The following post is a reporter’s notebook featuring personal reflections on the trip.

WASHINGTON, D.C. (KELO) — It’s been almost a week since I returned from Midwest Honor Flight and I wanted to share a little about my experience.

I knew this assignment was going to be impactful, but I didn’t quite realize how incredible it would be.

The night before the flight, all the veterans, guardians, volunteers and family got together for a banquet. I had no idea that night that the people I would meet over the next 30 or so hours would form such a special bond with me.

This was a unique flight – it was all Vietnam veterans.

I’ll admit, I wasn’t fully aware of the disappointing way our country treated these men and women. I knew about the protests and the anti-war movement, but taking it from the pages of a textbook or documentary was much different than hearing it first-hand.

I grew up predominantly in the post 9/11 era, when America supported our veterans. This was a different time. One gentleman told me at dinner that he was spat on when he arrived back from war. I can’t even imagine that happening today.

Many of the men didn’t have a choice – they were drafted to go to Vietnam.

That’s why this Honor Flight was so important. It was the welcome home that they deserved.

From the arrival at Washington Reagan National Airport, to walking into the World War II memorial and arriving back in Sioux Falls – these men were treated to the hero’s welcome they deserved.

My job on this flight was also unique. KELOLAND Media Group goes on almost every Honor Flight. Normally, a reporter goes and comes back with several TV stories. For me, we tried a new approach: to live blog the entire day. It allowed family members and the community to watch in real-time what was happening in Washington, D.C.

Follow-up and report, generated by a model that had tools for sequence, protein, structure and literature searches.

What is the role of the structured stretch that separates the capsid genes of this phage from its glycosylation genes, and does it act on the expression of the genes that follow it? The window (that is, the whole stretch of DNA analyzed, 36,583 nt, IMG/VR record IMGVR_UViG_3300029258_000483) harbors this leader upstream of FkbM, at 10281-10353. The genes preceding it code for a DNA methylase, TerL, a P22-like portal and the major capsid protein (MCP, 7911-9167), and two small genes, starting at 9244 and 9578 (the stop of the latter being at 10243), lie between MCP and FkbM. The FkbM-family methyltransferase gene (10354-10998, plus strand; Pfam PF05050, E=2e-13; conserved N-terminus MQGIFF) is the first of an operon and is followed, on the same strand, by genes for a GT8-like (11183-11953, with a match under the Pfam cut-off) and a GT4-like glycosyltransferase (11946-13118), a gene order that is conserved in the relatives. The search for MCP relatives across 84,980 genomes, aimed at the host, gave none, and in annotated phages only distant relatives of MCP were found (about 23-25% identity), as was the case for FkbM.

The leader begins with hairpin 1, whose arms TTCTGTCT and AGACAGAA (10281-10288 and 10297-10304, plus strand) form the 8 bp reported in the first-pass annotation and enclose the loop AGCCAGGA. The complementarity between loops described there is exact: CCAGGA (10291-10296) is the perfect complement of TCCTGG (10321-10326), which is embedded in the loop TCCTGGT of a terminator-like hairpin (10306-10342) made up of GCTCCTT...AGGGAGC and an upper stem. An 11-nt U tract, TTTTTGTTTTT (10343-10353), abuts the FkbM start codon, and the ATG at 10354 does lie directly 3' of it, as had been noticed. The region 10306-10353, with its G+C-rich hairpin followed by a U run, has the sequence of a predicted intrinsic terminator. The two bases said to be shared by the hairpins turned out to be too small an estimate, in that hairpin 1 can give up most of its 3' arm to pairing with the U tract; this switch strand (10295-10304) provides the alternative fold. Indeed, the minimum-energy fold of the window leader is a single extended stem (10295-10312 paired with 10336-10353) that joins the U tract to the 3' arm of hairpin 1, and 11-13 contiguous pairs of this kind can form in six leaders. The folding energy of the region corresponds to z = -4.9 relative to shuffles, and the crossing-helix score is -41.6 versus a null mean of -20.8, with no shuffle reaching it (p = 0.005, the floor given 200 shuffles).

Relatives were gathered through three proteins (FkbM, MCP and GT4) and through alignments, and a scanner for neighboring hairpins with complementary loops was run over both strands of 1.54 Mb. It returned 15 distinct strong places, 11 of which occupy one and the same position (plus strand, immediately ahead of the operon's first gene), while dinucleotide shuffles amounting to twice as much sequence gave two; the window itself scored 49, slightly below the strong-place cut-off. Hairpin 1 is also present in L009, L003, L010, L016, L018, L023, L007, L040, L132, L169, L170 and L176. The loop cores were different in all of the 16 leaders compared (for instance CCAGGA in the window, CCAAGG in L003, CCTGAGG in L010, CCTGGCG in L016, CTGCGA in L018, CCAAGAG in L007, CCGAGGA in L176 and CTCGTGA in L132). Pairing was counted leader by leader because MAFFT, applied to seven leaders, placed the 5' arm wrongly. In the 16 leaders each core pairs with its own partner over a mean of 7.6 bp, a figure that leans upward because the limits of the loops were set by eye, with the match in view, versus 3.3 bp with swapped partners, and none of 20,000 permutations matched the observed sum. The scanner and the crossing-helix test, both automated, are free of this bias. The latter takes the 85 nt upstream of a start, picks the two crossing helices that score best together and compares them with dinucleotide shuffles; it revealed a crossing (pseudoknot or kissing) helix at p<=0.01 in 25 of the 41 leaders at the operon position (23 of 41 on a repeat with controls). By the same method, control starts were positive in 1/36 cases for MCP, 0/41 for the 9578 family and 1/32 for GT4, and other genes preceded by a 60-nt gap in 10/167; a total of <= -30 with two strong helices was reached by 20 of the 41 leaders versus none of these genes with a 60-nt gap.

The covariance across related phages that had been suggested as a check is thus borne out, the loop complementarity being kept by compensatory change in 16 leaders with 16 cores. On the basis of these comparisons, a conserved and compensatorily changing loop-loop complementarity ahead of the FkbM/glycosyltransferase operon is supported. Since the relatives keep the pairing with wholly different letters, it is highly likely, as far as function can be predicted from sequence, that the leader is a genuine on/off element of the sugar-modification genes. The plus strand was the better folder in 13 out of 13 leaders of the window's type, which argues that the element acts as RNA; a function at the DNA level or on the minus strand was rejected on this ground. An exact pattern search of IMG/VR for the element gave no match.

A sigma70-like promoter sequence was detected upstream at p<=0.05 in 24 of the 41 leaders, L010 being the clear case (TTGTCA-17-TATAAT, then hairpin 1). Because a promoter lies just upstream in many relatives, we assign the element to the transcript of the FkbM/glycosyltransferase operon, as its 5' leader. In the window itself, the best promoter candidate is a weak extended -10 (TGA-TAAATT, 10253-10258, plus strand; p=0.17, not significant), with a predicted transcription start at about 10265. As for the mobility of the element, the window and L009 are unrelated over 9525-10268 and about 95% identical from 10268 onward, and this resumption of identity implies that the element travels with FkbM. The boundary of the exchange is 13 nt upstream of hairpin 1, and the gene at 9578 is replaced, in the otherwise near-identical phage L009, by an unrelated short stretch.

With trying to multitask so much, I was afraid I wasn’t going to be able to stop, breathe and realize what was happening in front of me.

However, talking to these veterans and hearing these stories grounded me.

The hardest moment for me came at the Vietnam Veterans Memorial. I had been there several times before, but this was different. I followed a group of gentlemen from Gregory County and Daniel M. Weber.

Donald Fenenga told me there was one name he was looking for. I remembered hearing there was an app, so I quickly downloaded it on my phone and searched for the name.

I didn’t realize until we got there it was Donald’s cousin, Terry. The gravity of the situation hit me then.

This was someone’s cousin, someone’s husband, someone’s child.

On the flight home, there was a lot of crying, storytelling and songs.

I sat next to bus captain Kristi Brantsen. She said something that stuck with me.

“The healing starts now,” she said.

Many of these men hadn’t talked about their experiences. They didn’t share their stories, until now.

As this week has gone on, I have had a lot of time to reflect on the trip. Several of the veterans have called me at work. I was talking with Ron Messenger, one of the 120 veterans aboard the flight about the trip.

We both agree a woman named Teresa summed up the trip the best. She was the charter flight coordinator with American Airlines.

To the veterans who talked to me: thank you for sharing your story and thank you so much for your service. Welcome home!

We have so many freedoms in the country because of the men and women who serve. For me, the freedom of the press is obviously important, and it’s thanks to every person aboard this flight and beyond.

For everyone reading the coverage this week, you can help Midwest Honor Flight. These trips are not cheap and there is a long waiting list of veterans. You can go as a guardian and experience this too first-hand.

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